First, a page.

INTRODUCTION

Imagine that you've just graduated from college and have been offered a position with a firm in New York City. You can't wait to start living in your own apartment. Your Aunt Bernice, who lives in Brooklyn Heights, has offered you a place to stay while you look for a place to begin living on your own.

TASK

In this lesson you will plot a data series onto a bar chart, and then read and interpret information from a bar chart. You will also predict how absence or presence of rent-controlled units impacts the cost of non-regulated housing, identify shadow markets, predict how owners of non-regulated housing will vote on rent-control referendums, and describe effects of price ceilings.

PROCESS

New York

It's Sunday morning, and Aunt Bernice offers you the obituaries section of the Times. "Here!" she says. "This is the best place to start searching for an apartment."

"Excuse me, Aunt Bernice. I think you meant to hand me the classifieds section."

"No. The quantity of rent-controlled apartments people demand these days is much higher than the quantity currently available. There is a shortage. Since landlords aren't able ration out their supply of rental units by adjusting rates above a certain price, units are rationed on a first-come, first-served basis. In some instances, you must pay an additional fee for the privilege of renting. I suggest you start reading through the obituaries and make a list of newly vacated apartments… before the apartments are listed with an agency or in the newspaper."

Hearing Aunt Bernice's good advice, you're reminded of the day your professor in your Economics 101 course discussed Price Ceilings.

"You do use this stuff in real life," you muse.

You're curious about what residents in areas like New York and San Francisco think about rent control. Surely they understand the allocative inefficiencies of an arbitrarily applied price ceiling. In fact, any time price ceilings are set: utilities, football tickets, parking, etc. -- there's bound to be some allocative inefficiencies. You conduct a search on the Web, and identify a couple of sites.

Here's a page from The Library of Economics and Liberty that summarizes the arguments for Rent Control .

This page at CNN Interactive named Emotions High as New York Rent Control Deadline Nears summarizes arguments for and against rent control.

1. Make a list of who wins and who loses under rent control.

2. What happens to all of the dissatisfied apartment-seekers? Make a list of alternative rationing devices.

3. How do rent controls affect the following?

    1. Amount of new rental property
    2. Quality of rental property
    3. Age of population

4. How would you predict residents of rent-controlled units would vote on a referendum to repeal rent-control laws?

The emergence and development of alternative rationing devices to a price-controlled market is called a shadow market. Shadow markets serve as a safety valve for excess demand. The equilibrium prices in shadow markets are often higher than in non-regulated markets.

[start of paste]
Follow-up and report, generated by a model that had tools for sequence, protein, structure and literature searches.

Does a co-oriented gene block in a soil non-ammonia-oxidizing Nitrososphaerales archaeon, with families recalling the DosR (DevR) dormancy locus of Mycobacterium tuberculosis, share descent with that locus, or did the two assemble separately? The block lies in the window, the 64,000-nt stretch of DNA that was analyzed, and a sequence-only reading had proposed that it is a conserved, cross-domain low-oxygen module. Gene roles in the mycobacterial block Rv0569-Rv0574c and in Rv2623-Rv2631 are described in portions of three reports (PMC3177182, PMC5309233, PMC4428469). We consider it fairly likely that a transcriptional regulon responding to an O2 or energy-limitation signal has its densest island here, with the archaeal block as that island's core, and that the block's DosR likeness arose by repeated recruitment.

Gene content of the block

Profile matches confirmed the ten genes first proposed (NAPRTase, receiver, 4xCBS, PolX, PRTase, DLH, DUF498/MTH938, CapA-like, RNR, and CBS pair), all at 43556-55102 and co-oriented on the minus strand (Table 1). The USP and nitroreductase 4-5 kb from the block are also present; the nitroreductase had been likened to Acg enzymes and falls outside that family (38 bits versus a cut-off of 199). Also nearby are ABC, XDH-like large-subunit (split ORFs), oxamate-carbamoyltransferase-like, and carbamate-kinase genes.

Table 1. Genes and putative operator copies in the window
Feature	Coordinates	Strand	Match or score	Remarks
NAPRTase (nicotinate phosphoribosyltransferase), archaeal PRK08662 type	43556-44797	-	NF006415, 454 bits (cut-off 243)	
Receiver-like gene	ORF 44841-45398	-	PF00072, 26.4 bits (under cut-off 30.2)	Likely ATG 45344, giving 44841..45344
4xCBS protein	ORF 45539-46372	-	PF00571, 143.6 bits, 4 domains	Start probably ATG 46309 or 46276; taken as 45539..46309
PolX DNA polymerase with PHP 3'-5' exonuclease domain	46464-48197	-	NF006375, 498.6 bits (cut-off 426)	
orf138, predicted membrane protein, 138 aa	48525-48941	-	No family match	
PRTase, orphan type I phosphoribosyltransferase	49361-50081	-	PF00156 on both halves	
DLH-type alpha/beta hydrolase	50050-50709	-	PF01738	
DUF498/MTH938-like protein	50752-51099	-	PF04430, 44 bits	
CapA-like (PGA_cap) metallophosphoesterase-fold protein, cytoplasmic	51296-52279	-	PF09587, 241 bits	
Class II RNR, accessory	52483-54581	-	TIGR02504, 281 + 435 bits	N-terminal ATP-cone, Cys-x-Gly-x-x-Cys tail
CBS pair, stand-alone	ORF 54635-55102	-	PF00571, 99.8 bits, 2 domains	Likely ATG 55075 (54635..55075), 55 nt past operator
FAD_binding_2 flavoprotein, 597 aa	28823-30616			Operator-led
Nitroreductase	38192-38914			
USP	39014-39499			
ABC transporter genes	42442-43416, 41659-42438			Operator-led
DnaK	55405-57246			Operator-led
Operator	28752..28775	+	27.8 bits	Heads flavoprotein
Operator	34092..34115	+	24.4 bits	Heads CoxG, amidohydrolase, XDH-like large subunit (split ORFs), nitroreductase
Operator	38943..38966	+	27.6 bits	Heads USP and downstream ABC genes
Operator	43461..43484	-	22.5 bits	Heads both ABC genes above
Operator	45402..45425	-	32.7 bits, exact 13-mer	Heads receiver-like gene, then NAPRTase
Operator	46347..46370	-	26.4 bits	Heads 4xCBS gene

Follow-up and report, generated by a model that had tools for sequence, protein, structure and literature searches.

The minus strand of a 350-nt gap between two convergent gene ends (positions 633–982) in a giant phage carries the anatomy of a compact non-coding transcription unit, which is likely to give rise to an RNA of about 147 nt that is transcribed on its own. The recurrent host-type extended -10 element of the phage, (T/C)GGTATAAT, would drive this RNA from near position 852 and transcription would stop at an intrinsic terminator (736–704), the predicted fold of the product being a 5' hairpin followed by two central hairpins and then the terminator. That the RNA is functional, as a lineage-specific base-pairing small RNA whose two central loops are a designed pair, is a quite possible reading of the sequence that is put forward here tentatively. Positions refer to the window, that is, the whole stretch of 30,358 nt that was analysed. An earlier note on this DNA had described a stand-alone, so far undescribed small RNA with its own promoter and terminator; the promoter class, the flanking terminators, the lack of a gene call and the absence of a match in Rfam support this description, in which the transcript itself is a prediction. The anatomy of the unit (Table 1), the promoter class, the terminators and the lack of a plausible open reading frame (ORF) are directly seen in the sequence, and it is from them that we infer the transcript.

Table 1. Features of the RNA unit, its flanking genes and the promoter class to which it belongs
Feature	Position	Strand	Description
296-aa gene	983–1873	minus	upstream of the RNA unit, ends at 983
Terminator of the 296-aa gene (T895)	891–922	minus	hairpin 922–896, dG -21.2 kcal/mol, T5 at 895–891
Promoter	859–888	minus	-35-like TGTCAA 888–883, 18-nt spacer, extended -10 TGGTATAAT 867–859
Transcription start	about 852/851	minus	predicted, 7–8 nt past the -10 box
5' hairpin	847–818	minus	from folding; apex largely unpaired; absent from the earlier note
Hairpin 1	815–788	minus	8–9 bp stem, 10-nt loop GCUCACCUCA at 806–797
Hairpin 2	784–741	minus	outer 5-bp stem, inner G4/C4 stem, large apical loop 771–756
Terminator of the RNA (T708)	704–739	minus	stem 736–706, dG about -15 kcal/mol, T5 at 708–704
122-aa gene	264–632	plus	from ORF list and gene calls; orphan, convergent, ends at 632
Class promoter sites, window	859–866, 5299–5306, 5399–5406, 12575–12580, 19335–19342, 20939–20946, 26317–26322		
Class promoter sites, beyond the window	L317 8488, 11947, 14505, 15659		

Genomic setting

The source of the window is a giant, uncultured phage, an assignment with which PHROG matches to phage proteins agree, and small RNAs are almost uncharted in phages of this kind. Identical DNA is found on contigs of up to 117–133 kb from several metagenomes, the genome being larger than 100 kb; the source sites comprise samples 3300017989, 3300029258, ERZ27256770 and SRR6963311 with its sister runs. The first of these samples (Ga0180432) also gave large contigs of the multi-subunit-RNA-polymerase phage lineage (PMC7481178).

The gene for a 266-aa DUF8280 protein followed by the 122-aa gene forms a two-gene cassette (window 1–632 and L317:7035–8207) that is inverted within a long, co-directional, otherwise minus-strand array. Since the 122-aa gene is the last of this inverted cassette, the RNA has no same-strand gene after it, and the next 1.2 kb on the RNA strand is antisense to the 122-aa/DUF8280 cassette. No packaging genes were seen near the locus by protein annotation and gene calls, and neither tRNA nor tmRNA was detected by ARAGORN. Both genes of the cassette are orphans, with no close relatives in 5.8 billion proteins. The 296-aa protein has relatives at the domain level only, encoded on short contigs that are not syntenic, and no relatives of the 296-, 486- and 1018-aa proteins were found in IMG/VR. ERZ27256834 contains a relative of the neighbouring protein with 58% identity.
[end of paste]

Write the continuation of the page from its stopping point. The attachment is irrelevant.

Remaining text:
1. Provide some examples of shadow market housing.

Let's take a look at some data on apartment advertisements from two markets, New York and Philadelphia, to try to find evidence of shadow markets.

2. Plot each data series below in a histogram, or bar chart.

New York, Apartment Vacancies and Rental Rates, 1997 (1)

Monthly rent

Number of units available

$251-300

16

301-350

15

351-400

51

401-450

15

451-500

49

501-550

48

551-600

68

601-650

80

651-700

81

701-750

90

751-800

85

801-850

101

851-900

110

901-950

75

951-1000

50

1051-1100

60

1101-1150

49

1151-1200

80

1201-1250

51

1251-1300

80

1301-1350

70

1351-1400

60

1401-1450

48

1451-1500

60

1501-1550

51

1551-1600

51

1601-1650

54

1651-1700

54

1701-1750

62

1751-1800

62

1801-1851

40

1951-1900

40

1901-1950

40

1951-2000

40

 

Philadelphia Rental Market (non-regulated) (1)

Monthly rent

Number of units available

$251-300

2

301-350

18

351-400

40

401-450

75

451-500

68

501-550

56

551-600

60

601-650

38

651-700

37

701-750

20

751-800

12

801-850

13

851-900

3

901-950

8

951-1000

4

1001-1050

8

1051-1100

1

1101-1150

3

1151-1200

1

1201-1250

2

1251-1300

1

1301-1350

1

1351-1400

1

1401-1450

1

1451-1500

1

1501-1550

1

1551-1600

1

1601-1650

1

1651-1700

0

1701-1750

2

1751-1800

1

1801-1851

1

 

Once you have your data in bar chart format, take a look at the shape of the distribution of apartment prices.

3. What's the difference between the New York rental market and the Philadelphia rental market?

4. What do you predict would happen to the distribution of apartment prices if rent-control were repealed in New York?

Suppose you are seeking housing in New York City and have been unable to locate an apartment. Since you are a prudent saver and investor, you have some money saved for a down payment for a condominium. You are aware of a forthcoming referendum to repeal rent-control laws, and you believe that passage is imminent.

1. What do you expect will happen to the value of the condominium you are purchasing approximately one year from now?

2. Your mortgage lender is also aware of the impending change in the housing market. How would you expect him or her to hedge against the change?


(1) Data based on advertisements in Sunday editions of largest papers in each city during April 1997. See Policy Analysis: How Rent Control Drives Out Affordable Housing for complete description.

Additional funding for this site was provided by the Mortgage Bankers Association of America.